Posted by: normanlgreen | May 11, 2013

Dream, May 11, 2013 A League of Her Own


Dream, home, 5:10am

A baseball league for women in their 90s. A summer baseball diamond on a white dry day.

I have been asked by an American poet to help umpire the game. We meet the teams. I pin a white ribbon with chrysanthemum shaped badge to a tiny woman who wears recently curled hair. She is confused by my presence, but taken with the ribbon.

As the game commences, the poet and I stand behind second base, out of line with the pitcher’s mound. White hair on women as they step up to the plate to take their swings. The infield is incomplete, so when a batter hits a pop-up over pitcher, I instinctively step forward, catch the ball and tag second base. Since I am not a player, we let the woman stay at first base. I remind myself to stay out of the game.

The second batter has the curly hair of the woman on whom I pinned the ribbon, but she is too far from me to focus on her face. She misses the first pitch, swinging seconds after the ball crosses home plate. On the second pitch, she connects. The ball is driven past the pitcher at knee level, but as there is still no second baseman, the ball bounces into the outfield. It looks like our friend has hit an in field home run. Everyone cheers for her to run. By the time she rounds second, she is slowing. She tags third base then doubles back on herself and walks to second. Someone behind me has retrieved the ball but thrown it wildly: it rolls past the backstop and into the crowd who stand and cheer for the batter.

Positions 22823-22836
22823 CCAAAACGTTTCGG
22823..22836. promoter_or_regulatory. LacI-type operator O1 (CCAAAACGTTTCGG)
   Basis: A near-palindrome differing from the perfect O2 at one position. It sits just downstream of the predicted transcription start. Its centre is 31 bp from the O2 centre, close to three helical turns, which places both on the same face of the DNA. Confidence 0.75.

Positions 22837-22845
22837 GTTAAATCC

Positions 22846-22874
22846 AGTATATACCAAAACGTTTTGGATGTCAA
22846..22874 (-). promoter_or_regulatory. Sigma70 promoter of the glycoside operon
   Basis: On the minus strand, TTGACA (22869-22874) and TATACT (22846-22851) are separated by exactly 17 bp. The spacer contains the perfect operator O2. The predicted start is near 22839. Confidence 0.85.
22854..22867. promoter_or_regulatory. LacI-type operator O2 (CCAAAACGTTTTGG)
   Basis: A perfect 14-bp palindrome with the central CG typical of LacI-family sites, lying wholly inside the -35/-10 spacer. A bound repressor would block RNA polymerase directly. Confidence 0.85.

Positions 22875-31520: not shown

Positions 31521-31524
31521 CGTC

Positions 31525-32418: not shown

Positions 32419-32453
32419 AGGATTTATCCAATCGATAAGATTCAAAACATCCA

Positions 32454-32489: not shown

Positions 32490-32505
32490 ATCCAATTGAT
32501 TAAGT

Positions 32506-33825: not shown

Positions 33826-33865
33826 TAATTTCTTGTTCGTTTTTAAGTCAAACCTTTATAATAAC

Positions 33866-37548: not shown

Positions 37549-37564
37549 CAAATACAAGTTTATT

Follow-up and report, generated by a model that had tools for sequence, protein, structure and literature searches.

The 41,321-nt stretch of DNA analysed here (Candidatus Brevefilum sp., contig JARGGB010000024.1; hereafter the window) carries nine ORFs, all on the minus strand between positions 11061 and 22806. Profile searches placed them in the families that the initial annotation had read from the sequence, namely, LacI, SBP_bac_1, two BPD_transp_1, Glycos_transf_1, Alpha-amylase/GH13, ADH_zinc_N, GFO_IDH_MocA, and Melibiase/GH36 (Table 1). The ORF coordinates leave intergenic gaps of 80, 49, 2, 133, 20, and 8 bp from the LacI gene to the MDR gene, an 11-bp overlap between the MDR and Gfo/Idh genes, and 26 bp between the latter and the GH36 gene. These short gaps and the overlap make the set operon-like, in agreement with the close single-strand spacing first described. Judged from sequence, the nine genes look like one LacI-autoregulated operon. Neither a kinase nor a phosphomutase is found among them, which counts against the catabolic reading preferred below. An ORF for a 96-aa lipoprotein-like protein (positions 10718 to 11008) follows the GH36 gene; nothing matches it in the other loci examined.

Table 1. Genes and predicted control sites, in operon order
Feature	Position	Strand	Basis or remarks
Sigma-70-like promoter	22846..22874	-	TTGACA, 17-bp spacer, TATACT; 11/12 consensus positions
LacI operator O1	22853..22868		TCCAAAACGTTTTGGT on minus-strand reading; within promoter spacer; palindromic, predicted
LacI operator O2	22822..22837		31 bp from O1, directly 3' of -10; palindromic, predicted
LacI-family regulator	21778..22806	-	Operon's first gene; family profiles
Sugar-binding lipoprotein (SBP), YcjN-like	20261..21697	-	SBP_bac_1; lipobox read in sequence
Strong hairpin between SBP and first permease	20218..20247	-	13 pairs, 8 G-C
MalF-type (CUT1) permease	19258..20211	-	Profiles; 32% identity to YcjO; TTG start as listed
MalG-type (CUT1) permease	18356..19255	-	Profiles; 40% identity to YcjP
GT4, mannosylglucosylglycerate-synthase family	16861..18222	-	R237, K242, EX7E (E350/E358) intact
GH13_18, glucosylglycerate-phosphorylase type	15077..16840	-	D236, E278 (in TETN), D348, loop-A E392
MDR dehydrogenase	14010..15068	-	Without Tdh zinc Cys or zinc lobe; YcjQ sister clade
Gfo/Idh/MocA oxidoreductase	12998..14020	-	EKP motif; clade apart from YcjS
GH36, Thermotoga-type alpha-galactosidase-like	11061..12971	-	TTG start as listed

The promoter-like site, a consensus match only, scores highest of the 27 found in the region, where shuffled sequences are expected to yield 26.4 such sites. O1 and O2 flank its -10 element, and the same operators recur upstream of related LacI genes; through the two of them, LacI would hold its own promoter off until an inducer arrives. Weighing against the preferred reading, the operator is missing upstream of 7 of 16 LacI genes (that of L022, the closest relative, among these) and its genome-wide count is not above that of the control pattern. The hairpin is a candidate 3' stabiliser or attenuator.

The poet and I trot up to where the runner mills about second base. Her face shows that dementia has removed all understanding of where she is and what she is to do. She looks at me in fear. I point to the ribbon pinned to her shirt and ask if she remembers my giving it to her. Her face softens into a smile. The poet and I pick her up and carry her to home plate, since she has already tagged third base. I realize how tiny she is, four feet tall and nearly weightless.

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Responses

  1. Beautiful, Norman! I’m so enjoying your dreams, but this one in particular resonated with me in a good way; my mom had Alzheimer’s. Keep dreaming and writing!

    • thank you, ma’am for the encouragement. nlg


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